No. 19: David Mutschlecner

No. 19: David Mutschlecner


Mutschlecner's meditations demonstrate the mutual suffusion of metaphysics and poetics... His inquiries transpire inside the clearest language and progress with a guileless, un-ironic depth of care and commitment. Suddenly, the reader finds herself in the midst of a universe that peels back its skin to reveal its living core... we join together as a community of readers and makers of poetry who understand, like David Mutschlecner, that our 'interconnectedness is logos itself."

— Elizabeth Robinson (introduction)

Poetic Faith (preview) joins Annie Dillard's Holy the Firm, Thomas Merton's No Man is an Island, St. John of the Cross's Spiritual Canticle of the Soul and the Bridegroom Christ, Clarice Lispecter's Agua Viva, Thomas Keating's Open Mind, Open Heart... in its prayerful concern, masterful prosody, and ecstatic vision. The work, the word—Mutschlecner's world—is refulgent with humility, the sense of pure service and integral action that stems from steadfast devotion.

The very notion that you are sustained at each moment by an infinite plenitude of all that is contingent means that this life that you call yours has value beyond finite conceiving; it means that every other life is subject to the same terms of wonder. This is real; this is really happening. I am here by amazing grace and marrow music. The same mind that brought you to nothingness teems with sublime community. ("Ch. 1: Meditation")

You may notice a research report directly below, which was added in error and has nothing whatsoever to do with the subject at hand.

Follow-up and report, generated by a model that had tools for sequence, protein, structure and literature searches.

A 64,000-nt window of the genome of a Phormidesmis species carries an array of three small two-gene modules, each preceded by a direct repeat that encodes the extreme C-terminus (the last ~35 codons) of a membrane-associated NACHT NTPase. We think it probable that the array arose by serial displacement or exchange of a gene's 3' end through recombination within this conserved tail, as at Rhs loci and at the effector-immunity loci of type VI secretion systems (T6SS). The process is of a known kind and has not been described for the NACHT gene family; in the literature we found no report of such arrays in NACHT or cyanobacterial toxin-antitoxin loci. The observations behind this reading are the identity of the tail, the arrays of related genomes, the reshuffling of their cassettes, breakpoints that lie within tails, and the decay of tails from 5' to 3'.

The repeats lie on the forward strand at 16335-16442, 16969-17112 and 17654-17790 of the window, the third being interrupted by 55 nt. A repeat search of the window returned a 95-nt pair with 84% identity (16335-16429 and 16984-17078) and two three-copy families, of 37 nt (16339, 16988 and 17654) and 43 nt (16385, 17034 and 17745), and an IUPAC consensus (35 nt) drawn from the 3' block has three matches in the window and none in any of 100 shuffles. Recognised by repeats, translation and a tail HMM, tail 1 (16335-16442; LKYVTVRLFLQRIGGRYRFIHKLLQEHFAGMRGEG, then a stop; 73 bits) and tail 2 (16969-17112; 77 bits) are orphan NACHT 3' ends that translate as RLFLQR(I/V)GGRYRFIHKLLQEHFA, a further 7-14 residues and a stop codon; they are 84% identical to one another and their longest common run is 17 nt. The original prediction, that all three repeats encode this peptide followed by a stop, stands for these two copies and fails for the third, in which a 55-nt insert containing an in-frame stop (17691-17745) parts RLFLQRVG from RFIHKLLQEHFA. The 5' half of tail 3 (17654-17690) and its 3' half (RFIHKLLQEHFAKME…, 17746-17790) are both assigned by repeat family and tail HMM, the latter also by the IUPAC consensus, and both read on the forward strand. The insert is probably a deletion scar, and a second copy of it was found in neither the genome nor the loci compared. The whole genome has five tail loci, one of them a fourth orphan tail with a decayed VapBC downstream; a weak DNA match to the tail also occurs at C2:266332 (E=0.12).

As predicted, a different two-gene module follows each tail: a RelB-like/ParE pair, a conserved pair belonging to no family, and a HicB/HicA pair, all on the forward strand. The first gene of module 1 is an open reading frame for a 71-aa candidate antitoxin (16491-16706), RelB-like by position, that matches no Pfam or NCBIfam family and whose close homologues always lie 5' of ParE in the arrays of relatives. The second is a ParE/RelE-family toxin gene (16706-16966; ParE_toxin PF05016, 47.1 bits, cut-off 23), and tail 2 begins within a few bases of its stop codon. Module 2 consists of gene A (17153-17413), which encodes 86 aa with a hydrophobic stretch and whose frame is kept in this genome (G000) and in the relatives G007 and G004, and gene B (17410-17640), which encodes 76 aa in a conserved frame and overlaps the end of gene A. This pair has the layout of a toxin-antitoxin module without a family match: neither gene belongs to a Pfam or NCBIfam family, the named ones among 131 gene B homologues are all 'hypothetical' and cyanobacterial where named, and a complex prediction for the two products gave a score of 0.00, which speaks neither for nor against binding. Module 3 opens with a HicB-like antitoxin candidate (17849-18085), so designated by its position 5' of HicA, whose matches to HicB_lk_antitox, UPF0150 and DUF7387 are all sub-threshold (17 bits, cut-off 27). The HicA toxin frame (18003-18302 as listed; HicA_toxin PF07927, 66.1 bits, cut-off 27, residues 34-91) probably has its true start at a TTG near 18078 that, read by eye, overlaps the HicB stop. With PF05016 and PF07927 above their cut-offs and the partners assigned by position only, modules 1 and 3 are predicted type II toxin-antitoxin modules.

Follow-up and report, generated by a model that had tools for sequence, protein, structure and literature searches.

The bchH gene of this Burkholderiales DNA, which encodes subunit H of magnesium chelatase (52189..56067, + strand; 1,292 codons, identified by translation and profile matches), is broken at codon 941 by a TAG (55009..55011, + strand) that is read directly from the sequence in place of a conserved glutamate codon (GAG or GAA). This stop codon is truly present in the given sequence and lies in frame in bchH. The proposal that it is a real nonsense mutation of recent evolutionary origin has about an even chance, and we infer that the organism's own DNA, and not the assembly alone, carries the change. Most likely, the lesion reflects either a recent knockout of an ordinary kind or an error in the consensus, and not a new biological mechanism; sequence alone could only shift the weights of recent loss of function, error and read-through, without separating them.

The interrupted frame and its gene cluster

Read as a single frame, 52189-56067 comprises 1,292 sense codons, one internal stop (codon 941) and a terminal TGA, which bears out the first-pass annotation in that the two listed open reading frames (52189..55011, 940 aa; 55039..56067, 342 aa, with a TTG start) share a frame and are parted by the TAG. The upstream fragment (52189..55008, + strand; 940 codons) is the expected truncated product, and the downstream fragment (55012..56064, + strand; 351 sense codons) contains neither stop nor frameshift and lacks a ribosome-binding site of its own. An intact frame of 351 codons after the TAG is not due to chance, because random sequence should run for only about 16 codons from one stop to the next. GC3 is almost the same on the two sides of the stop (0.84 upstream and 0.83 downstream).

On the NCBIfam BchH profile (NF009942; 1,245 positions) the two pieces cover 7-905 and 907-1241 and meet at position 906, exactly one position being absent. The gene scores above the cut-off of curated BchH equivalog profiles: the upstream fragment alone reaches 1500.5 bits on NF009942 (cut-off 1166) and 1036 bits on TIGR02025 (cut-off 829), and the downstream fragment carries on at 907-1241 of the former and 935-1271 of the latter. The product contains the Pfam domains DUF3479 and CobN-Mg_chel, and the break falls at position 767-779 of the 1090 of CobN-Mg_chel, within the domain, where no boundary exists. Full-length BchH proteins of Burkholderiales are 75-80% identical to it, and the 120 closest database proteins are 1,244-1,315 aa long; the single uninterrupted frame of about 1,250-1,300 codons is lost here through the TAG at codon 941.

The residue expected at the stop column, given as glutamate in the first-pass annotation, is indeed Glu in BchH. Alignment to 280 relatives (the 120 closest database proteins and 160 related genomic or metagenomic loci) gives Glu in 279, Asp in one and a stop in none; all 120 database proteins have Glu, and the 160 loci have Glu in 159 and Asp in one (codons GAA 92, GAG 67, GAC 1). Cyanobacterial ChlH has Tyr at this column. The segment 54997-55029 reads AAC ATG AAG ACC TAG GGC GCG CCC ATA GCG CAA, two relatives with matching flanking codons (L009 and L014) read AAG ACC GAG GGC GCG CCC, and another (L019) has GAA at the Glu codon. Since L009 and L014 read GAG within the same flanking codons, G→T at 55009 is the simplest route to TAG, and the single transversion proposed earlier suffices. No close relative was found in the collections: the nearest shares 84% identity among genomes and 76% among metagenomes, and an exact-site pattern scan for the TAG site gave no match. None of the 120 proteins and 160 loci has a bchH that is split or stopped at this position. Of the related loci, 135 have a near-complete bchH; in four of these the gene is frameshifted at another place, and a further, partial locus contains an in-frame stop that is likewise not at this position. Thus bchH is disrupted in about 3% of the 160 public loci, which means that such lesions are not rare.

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David Mutschlecner

grew up in Bloomington, Indiana. He moved to Santa Fe, New Mexico, in his mid-twenties and attended graduate school at St. John's College, finishing with an M.A. in Liberal Arts. He has called New Mexico home for over twenty years.

At a time when so much poetry is taken up with the unreliability of perception and language, David Mutschlecner’s unabashed embrace of mystery and faith stands out.
— Mike Puican, TriQuarterly
Mutschlecner has a real gift for combining imagery, language, and thematics inherent in his subjects.
— David Peak, The Rumpus